May 11, 2000
Vol. 19 No. 16

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    Town hall meetings open discussion about Main Quad changes

    By Jennifer Leovy
    News Office

    More than 40 students gathered inside Hutchinson Commons last week for an open meeting to discuss the future of lighting and landscaping on the main campus quadrangles.

    Alistair McIntosh, a landscape architect with Sasaki Associates Inc., the firm that will design a formal entrance to the Main Quadrangle at University Avenue and 58th Street, was there to hear students’ remarks and to answer their questions. Sasaki Associates Inc. also will develop an environmental lighting plan for the quadrangles.

    McIntosh has attended a series of small discussions in which groups of students, faculty and staff have contributed their thoughts on both lighting and landscaping for the Main Quadrangle. The architect will take the information he received from all of the conversations to develop a preliminary design for the formal entrance and a conceptual design for lighting on campus.

    Student opinions varied widely at the open meeting. Although issues of safety and light pollution were raised relative to lighting the campus buildings and walkways, the discussion focused mainly on what to do with the open space where the tennis courts once stood at University Avenue.

    Second-year Evan Hill-Ries said the formal entrance is significant because it is the University’s opportunity to make a first impression on campus visitors. Maya Ganguly, a second-year student, said she does not see a formal entrance at 58th Street and University Avenue. Ganguly and several other attendees said they view Cobb Gate as the University’s formal, Gothic entrance. The tennis courts, by contrast, “were a kind fence and a kind wall,” said Ganguly, who added that the east end of the Main Quadrangle should remain a friendly, student space.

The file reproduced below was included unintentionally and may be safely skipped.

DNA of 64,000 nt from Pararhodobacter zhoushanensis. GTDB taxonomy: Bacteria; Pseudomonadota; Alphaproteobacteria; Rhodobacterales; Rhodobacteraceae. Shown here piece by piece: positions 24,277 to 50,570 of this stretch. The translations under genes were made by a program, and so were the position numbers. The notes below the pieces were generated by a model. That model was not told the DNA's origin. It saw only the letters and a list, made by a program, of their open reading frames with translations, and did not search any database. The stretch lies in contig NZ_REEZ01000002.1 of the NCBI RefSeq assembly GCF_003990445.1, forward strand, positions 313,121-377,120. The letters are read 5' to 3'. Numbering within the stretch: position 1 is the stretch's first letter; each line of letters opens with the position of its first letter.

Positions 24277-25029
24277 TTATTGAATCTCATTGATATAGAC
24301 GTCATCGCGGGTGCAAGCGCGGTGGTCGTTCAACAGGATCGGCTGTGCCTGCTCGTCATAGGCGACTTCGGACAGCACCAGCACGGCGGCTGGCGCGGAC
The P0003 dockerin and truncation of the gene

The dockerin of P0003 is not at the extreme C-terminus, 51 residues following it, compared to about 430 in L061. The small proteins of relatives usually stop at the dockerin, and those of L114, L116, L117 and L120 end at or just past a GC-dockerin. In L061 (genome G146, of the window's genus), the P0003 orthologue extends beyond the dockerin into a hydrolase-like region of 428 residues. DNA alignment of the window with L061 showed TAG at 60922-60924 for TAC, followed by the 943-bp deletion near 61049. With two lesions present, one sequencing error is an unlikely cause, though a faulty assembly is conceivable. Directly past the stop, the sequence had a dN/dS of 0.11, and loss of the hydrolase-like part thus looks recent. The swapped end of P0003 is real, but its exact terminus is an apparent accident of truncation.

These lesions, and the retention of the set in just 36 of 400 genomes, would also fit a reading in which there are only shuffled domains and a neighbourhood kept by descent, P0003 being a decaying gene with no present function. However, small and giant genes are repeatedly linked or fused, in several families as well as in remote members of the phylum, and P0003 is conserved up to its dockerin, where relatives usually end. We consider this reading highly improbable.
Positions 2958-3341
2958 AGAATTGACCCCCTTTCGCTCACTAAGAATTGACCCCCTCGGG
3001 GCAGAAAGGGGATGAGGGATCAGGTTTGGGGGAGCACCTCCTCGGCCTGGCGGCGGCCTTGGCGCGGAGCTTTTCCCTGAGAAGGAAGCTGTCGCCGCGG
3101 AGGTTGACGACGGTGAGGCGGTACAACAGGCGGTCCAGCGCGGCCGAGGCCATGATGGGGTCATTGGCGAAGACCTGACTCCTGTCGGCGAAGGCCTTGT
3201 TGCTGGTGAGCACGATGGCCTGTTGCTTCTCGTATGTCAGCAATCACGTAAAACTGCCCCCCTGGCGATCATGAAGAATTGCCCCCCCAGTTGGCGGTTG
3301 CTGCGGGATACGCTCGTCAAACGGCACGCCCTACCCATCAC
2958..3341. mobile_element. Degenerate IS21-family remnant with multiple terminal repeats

Suggestions for the east end of the quadrangle included creating a sculpture garden, a cloister, a low fence or hedge, a seating area, a row of trees, formal gardens or another building to enclose the quadrangle.

    McIntosh said he would create several design options that embody some of the students’ ideas. With such varied opinions on the future of the Main Quadrangle’s landscape, McIntosh, joking about the challenge before him, said, “No matter what I do, I am probably going to offend someone!”

    Sasaki Associates has designed master plans, landscape architecture and buildings for more than 200 colleges and universities across the country. Among their landscape architectural projects are the landscape master plans for Vassar College and Rice University and an update of the visual concepts and historic spaces of Purdue University’s 1924 master plan. Other institutional examples of their designs include the National Arboretum in Washington, D.C., and the Smithsonian Institution’s Enid Haupt Gardens.

    McIntosh will return to campus for a follow-up town hall meeting Tuesday, May 23, with preliminary designs for the quadrangle entrance. He also will discuss early design concepts for lighting the quadrangles.